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Our Top 10 Favorite Games and Toys to Promote Language and Articulation: #5 Alpha-Bots

November 8, 2016

 

 

Those pre-Holiday toy catalogs too overwhelming? Keep up with us here at District Speech and Language Therapy as we guide you through the stacks of junk mail and examine the toys and games your child will enjoy and learn from this season. Today, we celebrate our countdown’s half way mark (ALREADY?!) with another great and engaging toy that promotes your child’s speech and language!

 

Next up: Alpha-Bots

 

We were recently introduced to this toy by members of the special education team at Two Rivers Charter School (Thanks Shannon and Guye!). On first look, it just appears to be colorful letters of the alphabet… BUT these letters are EXTRAORDINARY! They transform into…[wait for it]…ROBOTS.

 

We know. Our minds were blown as well.

 

After using this toy in a couple of sessions with our kiddos, we quickly learned that it is incredibly engaging and interactive AND promotes more than just speech and language development.

 

Alpha-Bots is amazing because it does the following:

  • Promotes early literacy skills (e.g., letter/sound corresponded, letter knowledge).

  • Encourages development of fine motor skills since children have to manipulate the letters with their hands to turn them into robots.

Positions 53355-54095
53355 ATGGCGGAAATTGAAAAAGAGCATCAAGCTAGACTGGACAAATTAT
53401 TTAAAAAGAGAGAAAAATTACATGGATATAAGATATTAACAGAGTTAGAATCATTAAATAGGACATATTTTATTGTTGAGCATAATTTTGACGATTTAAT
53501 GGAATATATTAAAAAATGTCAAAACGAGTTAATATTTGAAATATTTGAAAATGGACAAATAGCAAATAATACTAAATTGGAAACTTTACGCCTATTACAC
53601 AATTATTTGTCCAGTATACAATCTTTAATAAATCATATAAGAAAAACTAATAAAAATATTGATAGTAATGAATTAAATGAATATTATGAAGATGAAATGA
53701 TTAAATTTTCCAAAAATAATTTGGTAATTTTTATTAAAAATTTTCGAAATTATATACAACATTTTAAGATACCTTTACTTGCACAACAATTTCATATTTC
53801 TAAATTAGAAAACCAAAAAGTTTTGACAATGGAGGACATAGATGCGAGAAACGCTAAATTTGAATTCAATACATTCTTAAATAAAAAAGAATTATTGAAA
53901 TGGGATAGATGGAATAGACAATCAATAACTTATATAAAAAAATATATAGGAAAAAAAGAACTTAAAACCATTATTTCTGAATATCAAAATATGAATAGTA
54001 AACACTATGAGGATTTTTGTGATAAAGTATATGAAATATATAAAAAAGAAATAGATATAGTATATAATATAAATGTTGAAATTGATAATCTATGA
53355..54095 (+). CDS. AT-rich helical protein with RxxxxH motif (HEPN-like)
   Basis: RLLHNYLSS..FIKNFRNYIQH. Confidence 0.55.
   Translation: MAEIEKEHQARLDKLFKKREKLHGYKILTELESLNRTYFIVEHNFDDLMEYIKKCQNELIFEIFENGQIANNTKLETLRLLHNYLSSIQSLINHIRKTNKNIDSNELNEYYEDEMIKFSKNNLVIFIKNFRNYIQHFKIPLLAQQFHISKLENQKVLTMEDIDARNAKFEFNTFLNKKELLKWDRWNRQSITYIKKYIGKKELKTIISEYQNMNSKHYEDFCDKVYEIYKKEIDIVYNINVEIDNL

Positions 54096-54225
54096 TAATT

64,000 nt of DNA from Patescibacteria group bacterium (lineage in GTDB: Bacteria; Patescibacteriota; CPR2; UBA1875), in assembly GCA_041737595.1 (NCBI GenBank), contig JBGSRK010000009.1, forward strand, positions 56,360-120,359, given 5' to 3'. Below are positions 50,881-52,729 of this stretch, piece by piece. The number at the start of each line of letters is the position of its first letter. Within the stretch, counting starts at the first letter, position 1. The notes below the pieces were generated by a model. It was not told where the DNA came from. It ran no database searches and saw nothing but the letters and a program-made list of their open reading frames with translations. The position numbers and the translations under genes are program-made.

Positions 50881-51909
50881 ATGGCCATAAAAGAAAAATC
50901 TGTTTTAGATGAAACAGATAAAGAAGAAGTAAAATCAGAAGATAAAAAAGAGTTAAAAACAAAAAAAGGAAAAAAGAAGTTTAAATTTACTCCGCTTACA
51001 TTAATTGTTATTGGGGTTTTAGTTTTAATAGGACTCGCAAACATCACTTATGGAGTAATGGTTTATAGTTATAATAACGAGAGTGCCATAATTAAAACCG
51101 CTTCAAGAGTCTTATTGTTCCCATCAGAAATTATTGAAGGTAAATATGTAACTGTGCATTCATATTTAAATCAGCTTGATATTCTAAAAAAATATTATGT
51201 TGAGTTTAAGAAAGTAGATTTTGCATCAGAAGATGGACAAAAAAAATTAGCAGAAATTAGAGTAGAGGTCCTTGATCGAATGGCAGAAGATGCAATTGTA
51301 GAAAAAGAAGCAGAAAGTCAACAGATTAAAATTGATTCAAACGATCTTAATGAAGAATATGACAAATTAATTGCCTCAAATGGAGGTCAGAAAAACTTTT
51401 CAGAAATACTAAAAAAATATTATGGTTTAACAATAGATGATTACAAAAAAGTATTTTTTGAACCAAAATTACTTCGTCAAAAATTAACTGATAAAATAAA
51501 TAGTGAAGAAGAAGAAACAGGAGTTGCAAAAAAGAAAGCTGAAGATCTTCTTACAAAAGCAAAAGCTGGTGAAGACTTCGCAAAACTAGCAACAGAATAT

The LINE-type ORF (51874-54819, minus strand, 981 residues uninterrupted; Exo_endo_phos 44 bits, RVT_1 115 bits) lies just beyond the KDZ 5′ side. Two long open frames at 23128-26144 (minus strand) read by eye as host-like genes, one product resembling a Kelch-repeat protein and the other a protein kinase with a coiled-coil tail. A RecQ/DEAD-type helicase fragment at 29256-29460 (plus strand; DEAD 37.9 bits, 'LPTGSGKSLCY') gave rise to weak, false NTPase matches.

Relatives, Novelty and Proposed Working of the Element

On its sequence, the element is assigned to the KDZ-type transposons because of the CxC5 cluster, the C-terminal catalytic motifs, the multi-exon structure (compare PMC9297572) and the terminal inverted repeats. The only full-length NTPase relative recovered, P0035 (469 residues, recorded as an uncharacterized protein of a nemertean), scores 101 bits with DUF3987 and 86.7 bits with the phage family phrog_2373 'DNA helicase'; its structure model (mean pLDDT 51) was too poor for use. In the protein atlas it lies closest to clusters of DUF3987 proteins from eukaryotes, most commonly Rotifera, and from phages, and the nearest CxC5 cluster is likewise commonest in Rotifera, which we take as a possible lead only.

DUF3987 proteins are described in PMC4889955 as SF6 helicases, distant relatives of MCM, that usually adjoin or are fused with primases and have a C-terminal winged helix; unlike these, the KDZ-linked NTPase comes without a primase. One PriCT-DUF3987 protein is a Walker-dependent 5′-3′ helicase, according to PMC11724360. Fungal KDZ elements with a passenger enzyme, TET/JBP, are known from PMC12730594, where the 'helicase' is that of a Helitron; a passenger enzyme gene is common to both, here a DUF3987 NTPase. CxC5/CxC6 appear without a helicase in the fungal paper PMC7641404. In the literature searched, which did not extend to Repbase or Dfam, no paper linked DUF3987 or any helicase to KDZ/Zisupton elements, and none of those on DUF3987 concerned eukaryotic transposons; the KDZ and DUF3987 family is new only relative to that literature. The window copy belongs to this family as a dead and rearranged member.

• Promotes cognitive development, as children have to problem-solve and use critical thinking skills to manipulate the letters into robots.

We have used this toy with children as young as 2 and as old as 10. At home or in the clinic, you can do the following with your client, student or child:

  • Articulation: If you are working on articulation of a specific sound, you can use the Alpha-Bot in conjunction with a speech production practice and increase the child’s print awareness and letter sound correspondence, in addition to articulation. More bang for your buck!

  • Pretend Play: Once the child turns a couple of letters into robots, they can pretend to be robots protecting the planet.

  • Expressive and Receptive Language: Play “the teacher game”. Tell your child that they are going to be the teacher and give you directions. The directions can be “Pick up the red E and the blue B”. This will encourage your child’s use of adjectives (e.g., colors) and their use of expanded utterances. Once you have followed all the directions, tell them it’s your turn to be teacher and give them the directions, either simple or more complex, depending on your child’s level of comprehension.

Now, we’ll go on our way transforming into next week’s blog post…on to #6! Have a great week!

 

If you live in the D.C. area and have concerns about your child’s language or articulation and would like to seek additional help beyond what your school based speech language pathologist may be able to provide, visit www.districtspeech.com for more information on our assessment and therapy services for children of all ages.

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